Friday, March 4, 2011

Goan Goodbyes

It’s been hard to wrap my head around making the trip home to the US, but it’s time. My send off from Goa, and thus the conclusion of this visit to India, included eating dinner at a schmancy Thai restaurant attached to the hotel I landed at upon arrival, a morning pranyama class to herald the new moon (and thus day off from asana) and a beach shack breakfast with some other yogis. As I said my goodbyes on the sand, a man in a Speedo, also got up to bid me adieu. I’d never spoken to him before, but I’d certainly noticed this regular at the popular beach shack close to where many of we students were staying. I imagine he was in his 70s, deeply tanned, European, and exceedingly fit from daily swims in the sea. He reminded me of Jack Lalanne, the recently deceased fitness guru of my mother’s generation, whose visage I recalled from the TV program along with my mom had once conducted her leg lifts.

I exchanged pleasantries with the Goan Lalanne. And then he hugged me goodbye and enthusiastically smooched my cheek.

“That was unexpected,” my friend commented as we walked back and I had to agree.

But it was an appropriately Goan goodbye: warm, beach-clad and slightly over the top.

Goa, over the past two and a half weeks of my visit to the beachside state, had felt, to me, as far away from Mysore, my base for the nearly 4 months away as it was from the US. With its hordes of tourists, party atmosphere, beach and faster moving cars, sometimes the only clue you were in India was the fish curry on the menu.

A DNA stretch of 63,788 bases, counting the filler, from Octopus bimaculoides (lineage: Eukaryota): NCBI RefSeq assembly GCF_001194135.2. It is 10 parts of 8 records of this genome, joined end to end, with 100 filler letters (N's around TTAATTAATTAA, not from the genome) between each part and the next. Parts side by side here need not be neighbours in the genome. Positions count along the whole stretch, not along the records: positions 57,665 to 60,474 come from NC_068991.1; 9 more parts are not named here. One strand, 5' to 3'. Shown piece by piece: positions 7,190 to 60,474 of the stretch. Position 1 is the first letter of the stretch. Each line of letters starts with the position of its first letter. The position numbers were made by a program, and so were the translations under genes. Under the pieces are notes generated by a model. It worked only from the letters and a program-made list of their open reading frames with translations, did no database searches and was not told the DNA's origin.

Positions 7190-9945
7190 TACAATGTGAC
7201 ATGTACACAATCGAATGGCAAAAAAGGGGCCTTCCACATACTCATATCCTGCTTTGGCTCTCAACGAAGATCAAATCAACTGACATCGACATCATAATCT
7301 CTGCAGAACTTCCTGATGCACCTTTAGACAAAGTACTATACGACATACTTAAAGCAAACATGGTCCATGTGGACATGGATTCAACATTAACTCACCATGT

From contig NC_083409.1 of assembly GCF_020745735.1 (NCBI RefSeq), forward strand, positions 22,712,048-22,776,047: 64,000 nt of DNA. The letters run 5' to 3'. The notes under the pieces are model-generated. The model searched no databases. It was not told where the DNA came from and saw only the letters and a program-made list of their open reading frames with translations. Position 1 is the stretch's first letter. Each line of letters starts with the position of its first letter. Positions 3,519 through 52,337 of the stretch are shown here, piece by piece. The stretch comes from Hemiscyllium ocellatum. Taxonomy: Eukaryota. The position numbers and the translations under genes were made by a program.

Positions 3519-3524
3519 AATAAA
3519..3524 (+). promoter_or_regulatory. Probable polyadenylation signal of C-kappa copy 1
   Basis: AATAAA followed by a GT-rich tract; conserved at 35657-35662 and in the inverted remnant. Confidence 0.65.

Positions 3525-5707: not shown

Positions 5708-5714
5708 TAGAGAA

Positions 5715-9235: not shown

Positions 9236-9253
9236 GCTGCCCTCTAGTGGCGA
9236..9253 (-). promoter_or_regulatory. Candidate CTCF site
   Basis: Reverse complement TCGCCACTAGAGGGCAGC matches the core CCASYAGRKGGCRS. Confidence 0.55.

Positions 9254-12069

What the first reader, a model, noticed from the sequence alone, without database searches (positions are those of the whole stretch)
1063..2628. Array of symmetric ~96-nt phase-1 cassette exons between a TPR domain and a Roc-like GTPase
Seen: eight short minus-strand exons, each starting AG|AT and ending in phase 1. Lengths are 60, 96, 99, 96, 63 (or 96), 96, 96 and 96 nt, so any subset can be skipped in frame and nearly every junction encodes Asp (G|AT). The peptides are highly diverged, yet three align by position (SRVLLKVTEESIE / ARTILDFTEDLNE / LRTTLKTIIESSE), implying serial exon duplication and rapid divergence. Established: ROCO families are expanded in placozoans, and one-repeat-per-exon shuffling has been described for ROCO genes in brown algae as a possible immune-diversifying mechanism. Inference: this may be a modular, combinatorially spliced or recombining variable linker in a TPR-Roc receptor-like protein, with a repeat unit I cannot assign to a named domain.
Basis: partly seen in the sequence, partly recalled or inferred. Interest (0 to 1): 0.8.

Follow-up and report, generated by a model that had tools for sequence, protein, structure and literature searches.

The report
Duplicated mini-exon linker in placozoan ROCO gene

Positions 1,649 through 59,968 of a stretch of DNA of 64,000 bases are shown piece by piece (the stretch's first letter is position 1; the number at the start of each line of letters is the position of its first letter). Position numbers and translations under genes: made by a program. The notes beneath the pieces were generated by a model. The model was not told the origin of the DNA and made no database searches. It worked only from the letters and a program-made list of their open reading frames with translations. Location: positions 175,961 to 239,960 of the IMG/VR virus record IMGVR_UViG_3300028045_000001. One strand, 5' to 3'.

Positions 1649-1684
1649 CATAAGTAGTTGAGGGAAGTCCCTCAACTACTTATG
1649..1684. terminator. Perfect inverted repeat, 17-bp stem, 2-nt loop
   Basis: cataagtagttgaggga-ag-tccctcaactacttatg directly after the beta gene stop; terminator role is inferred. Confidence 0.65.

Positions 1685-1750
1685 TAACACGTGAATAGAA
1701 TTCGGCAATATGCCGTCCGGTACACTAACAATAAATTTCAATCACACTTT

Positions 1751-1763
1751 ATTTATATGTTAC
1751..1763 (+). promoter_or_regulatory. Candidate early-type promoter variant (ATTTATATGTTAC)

“Oh, this is India,” a friend who lives in Goa most of the year gently reminded me, as I marveled at the seeming differences. “It’s just a different side of it.”

I’ve come to think the minimum visit to any foreign country should be a month. In that time, you’ll kind of get a clue to the place. I'd upped the ante in tripling that minimum on this trip to India...and I’d become that much more comfortable crossing crazily trafficked streets, haggling over prices, eating with my hands, getting clued into sari-tying, and even, yes, nodding my head Indian style (neither yes or no). Nonetheless, I’m perhaps even more aware that I’m still very much a visitor. Visiting only Mysore and Goa is kind of like someone coming to the US and ‘only’ staying in Texas and Los Angeles. Sure, you’d get a lot of cultural flavor…but could you claim to know the country? Hardly. But you could have some legitimate feelings about the place.

“Do you live here?” I’d asked the Lalanne look-alike.

“No,” he smiled and shook his head. “But I love it... like you.”

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